THE biggest threat to the health of Scotland's native woodlands comes from overgrazing by deer, claims a survey that reignites the debate over controlling numbers of the animals.
The eight-year research project by Forestry Commission Scotland indicates that over the past 40 years a significant amount of ancient woodland has been lost, up to 14% in some upland areas.
The Native Woodland Survey Of Scotland is believed to be the most comprehensive habitat survey project carried out in the UK and the first of its kind in Europe.
The voluntary approach to deer management is now being questioned and, while landowners and gamekeepers accept they face renewed calls for increased deer culls, they fear this would undermine the operation of important sporting estates.
It comes as the Scottish Parliament's Rural Affairs, Climate Change And Environment Committee prepares to publish a letter today to the Scottish Government on deer management, which is understood to contain "robust recommendations".
Speaking at the launch of the survey at Edinburgh Zoo, Scottish Environment Minister Paul Wheelhouse, said it had shown that 768,876 acres of Scotland's forests were native woodland.
But he added: "The findings suggest that over the past 40 years we have lost a significant amount of ancient woodland in the uplands, and the survey has shown the most widespread threat to native woodland health and regeneration is excessive browsing and grazing, mainly by deer."
He said much had been done over the past 30 years to reverse centuries of damage, with almost 20,000 acres of native trees planted. "Clearly, there is still much to do," he added.
Statutory responsibility for deer management lies with public body Scottish Natural Heritage, but voluntary Deer Management Groups have been established over the last 30 years to coordinate control of the animals between neighbouring landowners.
Richard Cooke, chairman of the Association Of Deer Management Groups, said the survey would be extremely helpful. He added: "We do believe, however, there has been a significant turnaround in the last 30 years in the impact of deer on native woodland and it is too easy to blame deer at every turn when other factors, for example grazing from other herbivores and now widespread tree disease, are also taking their toll."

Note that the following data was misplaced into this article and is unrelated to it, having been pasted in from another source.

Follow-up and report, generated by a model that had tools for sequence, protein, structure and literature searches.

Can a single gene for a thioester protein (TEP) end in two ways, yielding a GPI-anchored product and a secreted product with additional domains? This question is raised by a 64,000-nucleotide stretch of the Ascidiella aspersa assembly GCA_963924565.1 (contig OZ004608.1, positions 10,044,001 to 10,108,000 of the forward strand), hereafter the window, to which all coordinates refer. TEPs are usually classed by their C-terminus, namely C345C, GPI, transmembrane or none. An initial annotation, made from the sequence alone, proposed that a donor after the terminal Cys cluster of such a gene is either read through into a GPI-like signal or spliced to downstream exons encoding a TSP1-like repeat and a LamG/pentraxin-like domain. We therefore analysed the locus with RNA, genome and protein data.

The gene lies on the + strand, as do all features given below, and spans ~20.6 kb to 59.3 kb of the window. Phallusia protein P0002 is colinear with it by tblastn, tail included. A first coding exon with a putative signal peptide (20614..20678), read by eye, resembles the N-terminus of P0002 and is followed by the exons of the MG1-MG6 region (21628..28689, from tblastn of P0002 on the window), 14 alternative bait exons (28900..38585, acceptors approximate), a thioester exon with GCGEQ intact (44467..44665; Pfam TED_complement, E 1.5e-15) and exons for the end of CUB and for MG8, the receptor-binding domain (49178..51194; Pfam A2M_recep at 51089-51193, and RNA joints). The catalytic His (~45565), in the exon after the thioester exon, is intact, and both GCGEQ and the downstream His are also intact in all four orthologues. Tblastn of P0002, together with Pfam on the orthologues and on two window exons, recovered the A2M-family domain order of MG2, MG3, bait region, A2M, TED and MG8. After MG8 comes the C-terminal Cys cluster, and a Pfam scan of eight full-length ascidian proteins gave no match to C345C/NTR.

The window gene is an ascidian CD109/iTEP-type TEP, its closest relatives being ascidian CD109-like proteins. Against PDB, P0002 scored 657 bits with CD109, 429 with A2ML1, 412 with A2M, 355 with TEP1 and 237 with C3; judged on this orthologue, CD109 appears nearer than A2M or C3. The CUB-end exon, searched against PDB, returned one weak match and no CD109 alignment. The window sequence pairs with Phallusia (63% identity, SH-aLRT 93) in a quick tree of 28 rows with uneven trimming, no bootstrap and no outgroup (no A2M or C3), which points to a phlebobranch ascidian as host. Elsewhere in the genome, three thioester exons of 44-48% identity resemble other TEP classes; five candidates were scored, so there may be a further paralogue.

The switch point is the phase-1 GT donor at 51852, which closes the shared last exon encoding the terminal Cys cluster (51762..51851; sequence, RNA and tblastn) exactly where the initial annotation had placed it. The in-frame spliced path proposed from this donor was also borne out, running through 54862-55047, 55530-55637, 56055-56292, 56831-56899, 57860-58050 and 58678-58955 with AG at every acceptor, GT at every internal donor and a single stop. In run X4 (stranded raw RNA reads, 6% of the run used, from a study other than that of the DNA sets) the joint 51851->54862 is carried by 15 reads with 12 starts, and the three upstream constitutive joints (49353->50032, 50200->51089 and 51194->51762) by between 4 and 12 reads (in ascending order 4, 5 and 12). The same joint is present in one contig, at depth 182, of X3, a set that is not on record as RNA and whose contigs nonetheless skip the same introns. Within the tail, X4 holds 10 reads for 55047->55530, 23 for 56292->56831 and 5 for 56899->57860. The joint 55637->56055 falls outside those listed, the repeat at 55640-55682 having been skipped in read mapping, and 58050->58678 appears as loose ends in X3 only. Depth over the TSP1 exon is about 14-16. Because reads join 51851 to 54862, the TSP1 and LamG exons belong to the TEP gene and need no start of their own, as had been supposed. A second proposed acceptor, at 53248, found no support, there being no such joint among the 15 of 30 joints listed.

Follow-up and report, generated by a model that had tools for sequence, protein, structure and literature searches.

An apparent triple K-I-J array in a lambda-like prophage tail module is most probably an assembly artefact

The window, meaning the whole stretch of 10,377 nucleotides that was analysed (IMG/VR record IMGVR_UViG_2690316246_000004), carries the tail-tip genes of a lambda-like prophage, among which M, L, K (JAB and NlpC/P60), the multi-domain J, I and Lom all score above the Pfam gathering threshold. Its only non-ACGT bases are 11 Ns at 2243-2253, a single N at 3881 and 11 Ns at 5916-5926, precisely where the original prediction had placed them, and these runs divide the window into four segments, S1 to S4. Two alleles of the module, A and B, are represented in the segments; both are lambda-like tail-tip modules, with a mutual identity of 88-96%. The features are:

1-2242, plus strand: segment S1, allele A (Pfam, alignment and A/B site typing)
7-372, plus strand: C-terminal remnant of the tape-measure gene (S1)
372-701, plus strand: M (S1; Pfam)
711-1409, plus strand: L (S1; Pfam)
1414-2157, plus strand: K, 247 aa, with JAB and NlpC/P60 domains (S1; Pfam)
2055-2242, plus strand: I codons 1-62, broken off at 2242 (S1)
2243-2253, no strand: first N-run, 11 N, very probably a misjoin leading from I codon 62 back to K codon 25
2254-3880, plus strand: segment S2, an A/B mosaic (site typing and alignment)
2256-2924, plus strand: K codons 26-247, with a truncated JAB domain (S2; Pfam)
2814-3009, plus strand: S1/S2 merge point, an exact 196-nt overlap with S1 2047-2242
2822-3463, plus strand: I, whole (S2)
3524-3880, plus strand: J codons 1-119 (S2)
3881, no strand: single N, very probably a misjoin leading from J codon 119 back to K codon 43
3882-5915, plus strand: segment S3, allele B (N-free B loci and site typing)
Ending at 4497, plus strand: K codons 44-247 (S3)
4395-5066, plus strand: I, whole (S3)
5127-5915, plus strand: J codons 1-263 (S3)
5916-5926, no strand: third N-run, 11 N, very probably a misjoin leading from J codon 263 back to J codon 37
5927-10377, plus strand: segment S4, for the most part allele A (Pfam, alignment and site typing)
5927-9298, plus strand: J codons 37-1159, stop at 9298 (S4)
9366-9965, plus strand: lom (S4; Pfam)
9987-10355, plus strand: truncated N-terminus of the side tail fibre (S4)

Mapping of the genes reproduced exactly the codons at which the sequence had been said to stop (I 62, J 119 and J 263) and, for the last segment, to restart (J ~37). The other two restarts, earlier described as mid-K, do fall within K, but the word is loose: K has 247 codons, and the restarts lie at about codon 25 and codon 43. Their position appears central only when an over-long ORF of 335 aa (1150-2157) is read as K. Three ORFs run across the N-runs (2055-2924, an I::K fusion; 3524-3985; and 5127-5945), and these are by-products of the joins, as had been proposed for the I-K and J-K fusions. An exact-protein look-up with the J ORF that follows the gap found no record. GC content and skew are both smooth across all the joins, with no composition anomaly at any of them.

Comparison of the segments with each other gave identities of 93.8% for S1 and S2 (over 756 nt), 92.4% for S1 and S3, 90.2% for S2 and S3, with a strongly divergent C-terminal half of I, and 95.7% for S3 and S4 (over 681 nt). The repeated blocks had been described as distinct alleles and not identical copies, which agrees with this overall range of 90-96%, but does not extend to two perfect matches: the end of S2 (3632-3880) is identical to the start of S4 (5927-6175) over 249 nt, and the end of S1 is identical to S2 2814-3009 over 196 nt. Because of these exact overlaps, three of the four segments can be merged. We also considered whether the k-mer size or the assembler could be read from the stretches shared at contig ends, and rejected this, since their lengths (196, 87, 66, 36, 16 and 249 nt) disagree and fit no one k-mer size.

He said it was clear effective deer management planning was vital, particularly at the early stages of any planting or regeneration programme. But he added that all available methods should be used, including deer fencing.
Alex Hogg, chairman of the Scottish Gamekeepers' Association, also called for fencing. Speaking about the survey, he said: "We fear the danger in this considerable piece of work is that conservationists will translate it as a green light to hammer Scotland's deer, which is not the long-term answer."
He said conservation groups were quick to claim there were too many deer. But he cited figures showing there had been a 10% drop in deer numbers in the Monadhliaths since 2004, by 26% in Knoydart in seven years and 14% in West Sutherland in seven years.
Dr Maggie Keegan, head of policy for the Scottish Wildlife Trust, said it was known that in some areas of Scotland, deer numbers were too high for the natural environment.
She added: " If we are going to reverse the decline to Scotland's most threatened habitats we may have to rethink the voluntary approach to deer management."